I'm more optimistic than this. Businesses have very short memories, and as soon as there's a competitive advantage to ship by air instead of ground, freight or ocean, they'll ship by air. Ground isn't even that cheap. A 14-lb. box someone sent me from Wisconsin last week cost them $65 to ship FedEx Ground to Oregon. We were both thinking it couldn't possibly cost more than 25 bucks when we first talked about the shipment.



International Homo of Mystery
User currently offlineLAXintl From United States of America, joined May 2000, 24729 posts, RR: 46
Reply 3, posted (1 year 9 months 5 days 21 hours ago) and read 14159 times:

You have to remember that air has gotten ever more expensive over the years primary due to fuel, while ships have remained pretty steady thanks to growing efficiency in size and speed.

In the international arena a whole new generation of vessels are entering the market.

Supersize container ships (known as “Post-Panamax” and “Super-Post-Panamax”) are hitting the market that are not only larger, but faster also. Not only do have per tonne operating cost as much a 45% lower, they are able to shave a day or two off the week-long Trans-Pacific crossing.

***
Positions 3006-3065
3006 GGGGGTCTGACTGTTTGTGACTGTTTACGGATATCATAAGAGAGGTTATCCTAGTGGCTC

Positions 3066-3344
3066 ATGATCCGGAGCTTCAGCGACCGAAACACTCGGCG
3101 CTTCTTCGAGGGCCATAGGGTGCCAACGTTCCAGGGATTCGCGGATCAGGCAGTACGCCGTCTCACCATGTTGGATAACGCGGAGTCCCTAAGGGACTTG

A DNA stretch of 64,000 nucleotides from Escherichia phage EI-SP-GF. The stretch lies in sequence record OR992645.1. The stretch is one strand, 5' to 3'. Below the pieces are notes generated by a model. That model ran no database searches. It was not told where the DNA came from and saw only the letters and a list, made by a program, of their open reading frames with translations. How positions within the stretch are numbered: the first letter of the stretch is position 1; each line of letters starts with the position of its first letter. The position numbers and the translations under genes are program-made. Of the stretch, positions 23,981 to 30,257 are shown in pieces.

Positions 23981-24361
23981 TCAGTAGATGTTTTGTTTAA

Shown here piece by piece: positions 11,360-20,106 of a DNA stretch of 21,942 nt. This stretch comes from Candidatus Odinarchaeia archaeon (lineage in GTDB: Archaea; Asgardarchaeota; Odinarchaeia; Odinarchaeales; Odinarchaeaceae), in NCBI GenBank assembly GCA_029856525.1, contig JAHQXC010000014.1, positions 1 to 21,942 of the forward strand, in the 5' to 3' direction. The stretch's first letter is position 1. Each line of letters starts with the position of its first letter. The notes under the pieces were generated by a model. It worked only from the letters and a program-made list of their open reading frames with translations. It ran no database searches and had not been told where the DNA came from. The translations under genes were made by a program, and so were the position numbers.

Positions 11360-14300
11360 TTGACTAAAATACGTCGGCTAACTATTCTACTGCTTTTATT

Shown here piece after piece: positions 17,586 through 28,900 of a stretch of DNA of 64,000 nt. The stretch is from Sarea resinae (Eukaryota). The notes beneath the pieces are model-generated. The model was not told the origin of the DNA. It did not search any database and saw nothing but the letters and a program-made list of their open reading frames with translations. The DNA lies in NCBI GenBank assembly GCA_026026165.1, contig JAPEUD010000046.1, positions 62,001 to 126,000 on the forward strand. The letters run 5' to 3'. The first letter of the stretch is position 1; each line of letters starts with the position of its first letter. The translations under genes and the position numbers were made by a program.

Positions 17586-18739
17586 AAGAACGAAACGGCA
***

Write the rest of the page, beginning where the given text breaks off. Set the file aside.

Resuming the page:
Add in the benefits of the Panama Canal widening finished by 2015, these super ships will be able to deliver directly to East Coast US quicker then ever before.

So unless if an item is super time critical to move by air, ships are definitely becoming ever more competitive for international freight.

Domestically air is competing to a greater degree with trains and trucks again. Air cost have rise faster then ground cost.
Even UPS now moves growing volume of its own domestic stuff on rail as the cost is very compelling versus air.

So I think there truly could be a paradigm shift by growing number of clients willing to forgo air in favor of other forms of delivery.



From the desert to the sea, to all of Southern California
User currently offlineAeroWesty From United States of America, joined Oct 2004, 20322 posts, RR: 63
Reply 4, posted (1 year 9 months 5 days 21 hours ago) and read 14059 times:

Quoting LAXintl (Reply 3):
So I think there truly could be a paradigm shift by growing number of clients willing to forgo air in favor of other forms of delivery.

I thought about that while writing my post, then remembered FedEx's commercial where their nonstop out of China vs. UPS' one-stop, created higher value to their shipping base.